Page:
Friday, July 26, 2013

How Writers Work: Rick Barry


I welcome Rick Barry to my blog in the third and final installment of the How Writers Work Series. Rick is a writer with a full-time job, a published novelist and President of ACFW (American Christian Fiction Writers)-Indiana Chapter.
 

Give a brief description of your current life situation.
 
In college, I earned a B.S. in Foreign Language Education. For the next five years, I worked as an editor for BJU Press. In 1987 I began evening Russian studies and got involved in Christian ministry to Russia. I now serve as Director of Church Planting Ministries at Baptist International Evangelistic Ministries (BIEM), where I use Russian regularly.

However, during my college years, I began freelancing articles and short stories for various publications. To this day, I continue freelancing, and I also edit Answers magazine for Answers in Genesis. My two published novels to date are Gunner’s Run, a tale of World War II, and Kiriath’s Quest, a young-adult fantasy.


 
With the responsibilities of a full-time job, how do you schedule your writing time?

I believe most writers understand the challenge of writing for publication while holding down a full-time job of any kind. I have tried writing at just about every time of the day. While I will often cram in 20 minutes here or 30 minutes during lunch at my office, those little spurts can leave a writer frustrated despite the fact that the words add up over time. I make the most rapid progress when I make sure my head is on the pillow by 10 pm so that I can rise at 5 am to start the coffee, read my Bible, and then resume writing. You can get a lot done early in the day, at a time when no one interrupts you.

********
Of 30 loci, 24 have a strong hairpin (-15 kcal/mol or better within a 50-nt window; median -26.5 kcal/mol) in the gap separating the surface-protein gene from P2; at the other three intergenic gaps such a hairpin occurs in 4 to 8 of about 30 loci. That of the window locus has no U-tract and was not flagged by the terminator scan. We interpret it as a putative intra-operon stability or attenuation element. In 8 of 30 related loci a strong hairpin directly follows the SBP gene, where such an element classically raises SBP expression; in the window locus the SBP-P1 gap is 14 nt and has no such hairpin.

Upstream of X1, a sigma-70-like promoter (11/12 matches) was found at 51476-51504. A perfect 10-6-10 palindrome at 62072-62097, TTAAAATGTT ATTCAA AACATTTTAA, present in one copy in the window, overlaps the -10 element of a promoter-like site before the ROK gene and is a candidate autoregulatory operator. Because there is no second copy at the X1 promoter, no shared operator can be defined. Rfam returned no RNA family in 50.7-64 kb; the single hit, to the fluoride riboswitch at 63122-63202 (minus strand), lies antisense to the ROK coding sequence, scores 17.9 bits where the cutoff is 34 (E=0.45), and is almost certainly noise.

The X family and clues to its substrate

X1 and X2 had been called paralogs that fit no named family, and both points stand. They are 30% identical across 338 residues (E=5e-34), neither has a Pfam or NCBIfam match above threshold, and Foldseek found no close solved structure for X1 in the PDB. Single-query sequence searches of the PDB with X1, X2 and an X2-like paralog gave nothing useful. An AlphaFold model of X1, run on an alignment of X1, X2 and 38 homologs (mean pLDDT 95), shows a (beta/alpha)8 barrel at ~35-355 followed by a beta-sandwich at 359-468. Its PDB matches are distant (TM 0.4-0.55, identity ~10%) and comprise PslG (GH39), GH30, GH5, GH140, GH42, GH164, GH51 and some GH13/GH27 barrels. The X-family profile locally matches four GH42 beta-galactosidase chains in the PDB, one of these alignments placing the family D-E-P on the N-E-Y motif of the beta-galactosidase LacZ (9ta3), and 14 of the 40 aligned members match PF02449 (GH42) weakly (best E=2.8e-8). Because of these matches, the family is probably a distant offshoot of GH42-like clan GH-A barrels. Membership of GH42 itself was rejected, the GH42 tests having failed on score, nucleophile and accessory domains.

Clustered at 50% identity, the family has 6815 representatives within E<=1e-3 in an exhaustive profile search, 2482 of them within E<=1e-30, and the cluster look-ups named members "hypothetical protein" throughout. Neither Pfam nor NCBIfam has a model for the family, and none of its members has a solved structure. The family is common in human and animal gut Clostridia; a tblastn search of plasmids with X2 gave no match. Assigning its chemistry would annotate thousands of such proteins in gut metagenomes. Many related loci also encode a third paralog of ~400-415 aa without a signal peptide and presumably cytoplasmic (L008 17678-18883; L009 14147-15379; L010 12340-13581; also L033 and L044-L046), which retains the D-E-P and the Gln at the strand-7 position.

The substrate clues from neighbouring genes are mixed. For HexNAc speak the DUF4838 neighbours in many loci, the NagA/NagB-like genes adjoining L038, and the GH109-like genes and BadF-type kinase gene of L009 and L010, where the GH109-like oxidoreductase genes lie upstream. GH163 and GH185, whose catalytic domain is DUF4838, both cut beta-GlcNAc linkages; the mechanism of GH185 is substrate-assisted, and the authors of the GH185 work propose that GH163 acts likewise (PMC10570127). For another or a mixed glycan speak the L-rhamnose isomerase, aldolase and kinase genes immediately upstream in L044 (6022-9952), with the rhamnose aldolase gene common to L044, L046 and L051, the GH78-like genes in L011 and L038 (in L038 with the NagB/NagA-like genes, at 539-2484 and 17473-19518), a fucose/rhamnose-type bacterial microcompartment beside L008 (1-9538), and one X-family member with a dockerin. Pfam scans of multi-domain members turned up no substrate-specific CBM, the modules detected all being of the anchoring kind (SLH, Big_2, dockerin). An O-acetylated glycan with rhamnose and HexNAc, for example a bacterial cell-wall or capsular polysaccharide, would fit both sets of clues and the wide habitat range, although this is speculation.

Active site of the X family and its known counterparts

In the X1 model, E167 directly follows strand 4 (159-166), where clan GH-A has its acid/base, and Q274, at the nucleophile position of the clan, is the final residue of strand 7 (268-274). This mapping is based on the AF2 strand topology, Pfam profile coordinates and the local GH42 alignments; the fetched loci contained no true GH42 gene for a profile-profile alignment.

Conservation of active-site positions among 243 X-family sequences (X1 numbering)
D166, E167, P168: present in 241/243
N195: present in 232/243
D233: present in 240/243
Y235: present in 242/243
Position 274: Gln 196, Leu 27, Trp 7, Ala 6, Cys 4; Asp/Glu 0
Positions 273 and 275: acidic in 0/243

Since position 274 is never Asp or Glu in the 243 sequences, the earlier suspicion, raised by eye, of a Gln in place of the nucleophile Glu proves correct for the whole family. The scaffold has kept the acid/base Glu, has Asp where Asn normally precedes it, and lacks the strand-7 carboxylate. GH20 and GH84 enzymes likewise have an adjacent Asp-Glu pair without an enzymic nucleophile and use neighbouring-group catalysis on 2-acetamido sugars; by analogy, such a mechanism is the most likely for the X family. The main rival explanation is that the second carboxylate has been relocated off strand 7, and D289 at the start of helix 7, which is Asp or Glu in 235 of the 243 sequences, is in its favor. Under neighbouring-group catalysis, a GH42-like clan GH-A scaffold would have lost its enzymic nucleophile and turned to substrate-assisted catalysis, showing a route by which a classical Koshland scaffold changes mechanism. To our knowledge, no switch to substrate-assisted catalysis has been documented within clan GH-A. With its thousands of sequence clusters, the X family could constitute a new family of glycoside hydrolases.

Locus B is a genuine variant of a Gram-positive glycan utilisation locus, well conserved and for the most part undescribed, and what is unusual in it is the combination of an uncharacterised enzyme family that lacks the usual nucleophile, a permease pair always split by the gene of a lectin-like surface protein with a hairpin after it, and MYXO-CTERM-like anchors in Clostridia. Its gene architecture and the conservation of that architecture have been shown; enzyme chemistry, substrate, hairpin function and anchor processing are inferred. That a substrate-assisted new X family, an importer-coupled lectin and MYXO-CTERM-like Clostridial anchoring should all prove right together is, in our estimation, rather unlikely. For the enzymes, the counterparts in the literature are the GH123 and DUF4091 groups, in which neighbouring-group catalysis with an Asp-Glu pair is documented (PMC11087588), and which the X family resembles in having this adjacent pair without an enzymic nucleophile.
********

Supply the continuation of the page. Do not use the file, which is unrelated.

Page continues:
Are there any helpful things you use, such as software programs, etc. to help you prioritize and organize?

Personally, I use no special software. However, for a project of any length at all, I will have two Word docs for the project. One document is the actual story. The other document contains all the miscellaneous bits and pieces of research, details, and plot ideas that I might incorporate int the story. If I get an inspiration for a cool plot twist while driving, I might jot it down on a napkin (yes, while driving--Yikes!), but as soon as I can, I will add that note to my ideas document. When I actually use an element from the Idea document, I highlight it in gray to remind myself that I've already incorporated it into the story.
 

How do you balance your other commitments such as family and church obligations and still maintain a consistent writing schedule?

For me, family time trumps my creative compulsion. Occasionally, we have had family gatherings at stages where my author side is dying to get back to the keyboard, but the manuscript must wait. Real family is a God-given responsibility for everyone, including authors. The same is true of church attendance and the ministries of my church. If I were to start skipping church in order to write stories for the Lord, that would be more than a little hypocritical. So I do attend services, substitute teach for Sunday school, and stay involved in other ways, but at the same time, I don't say "Yes" to every request.